Is there a crisis of manhood?

Two new books say men have lost their place in the world, but is there really a ‘crisis of manhood’?

There are two books coming out about men in the next few months that have a very similar theme.

The first, an e-book by respected psychologist Philip G. Zimbardo, is called “The demise of guys”. The other, written by senior American journalist Hanna Rosin and out in the Autumn, is called “The end of men”.

As you might have guessed, the argument at the heart of both these books is that there is a crisis of manhood.

Boys and men alike have lost their place in the world and are more likely to fail at school, college or work – and be depressed, suicidal and lonely – than ever before.

But is it true? Is there a crisis of manhood? We take a look at the evidence.

Stating the case

There’s no doubt that statistics bear out the idea that boys and men are having a hard time – to some extent. In school exams, for instance, girls now do considerably better than boys. In 2011, the percentage of girls gaining A grades at GCSE was nearly 7% higher than the percentage of boys achieving similar results, a gap that has widened from just 1.5% in 1989.

And that gap doesn’t close at college or university. More women than men are attaining A levels, while in 2010 more young women – 51% – were going to university, compared to just 40% of young men. At the end of it all, a higher percentage of women are gaining first class degrees.

And this is slowly being reflected in the workplace. For example, it’s predicted that there will be more female doctors than male ones in a few years’ time. Over in America, 2010 data showed more women were working than men.

“It may be happening slowly and unevenly, but it’s unmistakably happening: in the long view, the modern economy is becoming a place where women hold the cards,” writes Hanna Rosin.

In other areas the crisis of manhood is even starker. Men are three times more likely than women to take their own lives, and in young men, under 35, suicide is the second most common cause of death in England and Wales.

But the authors of “The demise of guys” go further than that. Young men aren’t just failing at school and college and increasingly becoming depressed; they’re “flaming out academically, wiping out socially with girls and failing sexually with women.”

In other words, in all the major areas of life, from education to romance, it seems men are messing up. But why might that be?

Importance of status

Hanna Rosin suggests the crisis of manhood is largely economic in origin. Male dominated jobs that require physical strength are in terminal decline. Jobs that rely on communication skills and emotional intelligence are on the rise. Unfortunately for men, they’re better suited to the former.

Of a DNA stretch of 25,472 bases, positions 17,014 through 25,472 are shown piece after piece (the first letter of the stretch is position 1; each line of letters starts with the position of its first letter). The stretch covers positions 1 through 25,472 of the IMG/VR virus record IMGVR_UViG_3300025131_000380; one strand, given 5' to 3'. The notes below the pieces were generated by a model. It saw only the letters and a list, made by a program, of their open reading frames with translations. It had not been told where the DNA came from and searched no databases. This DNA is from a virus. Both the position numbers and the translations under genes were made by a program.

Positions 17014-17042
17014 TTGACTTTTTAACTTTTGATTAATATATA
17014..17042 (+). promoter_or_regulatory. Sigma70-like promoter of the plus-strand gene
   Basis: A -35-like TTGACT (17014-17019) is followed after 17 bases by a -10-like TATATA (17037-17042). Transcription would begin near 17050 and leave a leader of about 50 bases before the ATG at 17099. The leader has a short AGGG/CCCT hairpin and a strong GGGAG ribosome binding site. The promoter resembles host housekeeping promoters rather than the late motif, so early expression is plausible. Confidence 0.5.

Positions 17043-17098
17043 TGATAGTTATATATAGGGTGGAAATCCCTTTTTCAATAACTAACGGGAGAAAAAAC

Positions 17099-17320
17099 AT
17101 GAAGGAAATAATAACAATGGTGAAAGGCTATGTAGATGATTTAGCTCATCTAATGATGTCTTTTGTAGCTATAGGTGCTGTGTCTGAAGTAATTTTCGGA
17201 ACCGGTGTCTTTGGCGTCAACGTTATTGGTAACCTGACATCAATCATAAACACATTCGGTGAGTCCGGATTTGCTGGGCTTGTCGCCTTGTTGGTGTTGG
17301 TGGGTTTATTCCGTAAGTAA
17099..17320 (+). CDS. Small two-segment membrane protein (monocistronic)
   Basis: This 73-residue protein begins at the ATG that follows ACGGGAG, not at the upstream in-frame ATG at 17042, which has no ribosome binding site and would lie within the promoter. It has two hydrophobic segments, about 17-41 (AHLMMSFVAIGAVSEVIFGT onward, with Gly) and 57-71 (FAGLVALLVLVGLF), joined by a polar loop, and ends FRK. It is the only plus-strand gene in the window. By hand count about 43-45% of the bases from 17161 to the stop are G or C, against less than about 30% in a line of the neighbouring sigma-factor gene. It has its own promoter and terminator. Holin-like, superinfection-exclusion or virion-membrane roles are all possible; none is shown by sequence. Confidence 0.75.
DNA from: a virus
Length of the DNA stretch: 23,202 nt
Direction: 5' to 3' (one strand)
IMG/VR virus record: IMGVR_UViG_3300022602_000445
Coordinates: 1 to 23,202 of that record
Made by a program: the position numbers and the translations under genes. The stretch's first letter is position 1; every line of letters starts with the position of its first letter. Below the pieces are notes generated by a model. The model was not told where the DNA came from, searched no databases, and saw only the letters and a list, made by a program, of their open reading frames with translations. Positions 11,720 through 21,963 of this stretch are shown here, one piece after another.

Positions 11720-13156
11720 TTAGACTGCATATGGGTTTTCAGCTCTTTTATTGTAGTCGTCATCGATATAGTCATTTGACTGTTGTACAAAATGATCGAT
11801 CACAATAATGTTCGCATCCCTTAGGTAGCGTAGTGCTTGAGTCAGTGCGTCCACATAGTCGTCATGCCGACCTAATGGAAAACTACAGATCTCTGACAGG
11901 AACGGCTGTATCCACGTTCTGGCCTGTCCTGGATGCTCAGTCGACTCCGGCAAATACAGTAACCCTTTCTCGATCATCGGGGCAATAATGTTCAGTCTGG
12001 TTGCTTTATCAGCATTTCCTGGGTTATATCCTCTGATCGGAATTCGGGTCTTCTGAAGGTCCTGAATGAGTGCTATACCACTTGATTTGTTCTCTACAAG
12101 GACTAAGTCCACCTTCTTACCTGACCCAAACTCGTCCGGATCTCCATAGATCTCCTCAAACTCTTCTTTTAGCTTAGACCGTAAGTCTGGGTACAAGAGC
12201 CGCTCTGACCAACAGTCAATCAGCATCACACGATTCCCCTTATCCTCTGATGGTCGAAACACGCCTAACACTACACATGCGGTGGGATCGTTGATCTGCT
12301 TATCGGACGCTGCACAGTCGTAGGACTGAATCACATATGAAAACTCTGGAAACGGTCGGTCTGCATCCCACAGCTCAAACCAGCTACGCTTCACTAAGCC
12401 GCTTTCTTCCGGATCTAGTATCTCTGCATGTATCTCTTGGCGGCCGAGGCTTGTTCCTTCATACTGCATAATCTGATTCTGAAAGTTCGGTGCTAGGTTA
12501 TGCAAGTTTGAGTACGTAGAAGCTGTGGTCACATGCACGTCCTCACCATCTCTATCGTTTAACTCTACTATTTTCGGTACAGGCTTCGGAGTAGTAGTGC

And when men lose their jobs, they often lose status. Their role in the family, and in society, is lost with them. Men who can’t offer much in the way of status aren’t even an attractive romantic proposition to most women. Rosin hints at a sense of hopelessness that is engulfing many men.

Zimbardo offers another cause: technology. He arguea that, “from the earliest ages, guys are seduced into excessive and mostly isolated viewing and involvement with texting, tweeting, blogging, online chatting, emailing, and watching sports on TV or laptops.”

All this solitary activity is hardly conducive to good education, good relationships or developing the sort of communication skills that men need to stay in touch with the demands of the new economy, the author says.

In a nutshell, we’re all doomed.

Is the manhood crisis a myth?

But other researchers refute the idea of a crisis of manhood.

Yes, says British psychologist Dr Mark McCormack, some men are struggling both socially and economically. But his own research also suggests that men are shedding the ‘macho man’ stereotypes that may once have held them back.

He believes that, at school, boys are no longer attacked for being too clever or ‘swatty’. He suggests that young men are maintaining “emotionally rich friendships” and that more than ever men are putting value on building relationships and forming close bonds.

In fact, he writes in Psychology Today, young men are “casting off the orthodox notions of what it means to be a man and they are embracing their softer sides. It is something we should celebrate.”

And other evidence suggests that, far from flaming out with women, men are having more sex than ever. They have more than twice the number of sexual partners that women do, and because fewer men go to University, male undergraduates are in romantic demand.

Even at work, and even though many traditionally male-dominated careers are clearly in decline, the idea of a masculine ‘crisis’ might be overplayed. Statistics show that the gender pay gap is still large, and it favours men. On average, women earn 15% less than men in the UK.

All down to perspective

So, is there a ‘crisis’ of manhood? That depends on your perspective. These are clearly challenging times for young men in particular, who find themselves staring at an economically bleak outlook and a world that is changing in favour of softer, more feminine, character traits.

Clearly, many men feel alienated by the situation they find themselves in and turn to solitary pursuits and online distractions to help fill the gaps in their lives.

At the same time, men still tend to earn more than women and many men are adapting to the new reality by shedding macho stereotypes and forging closer relationships, both on and offline.

Nevertheless, there appear to be changes afoot that are affecting many men deeply. If it isn’t a crisis of manhood, it may be reaching crisis point for plenty of men.


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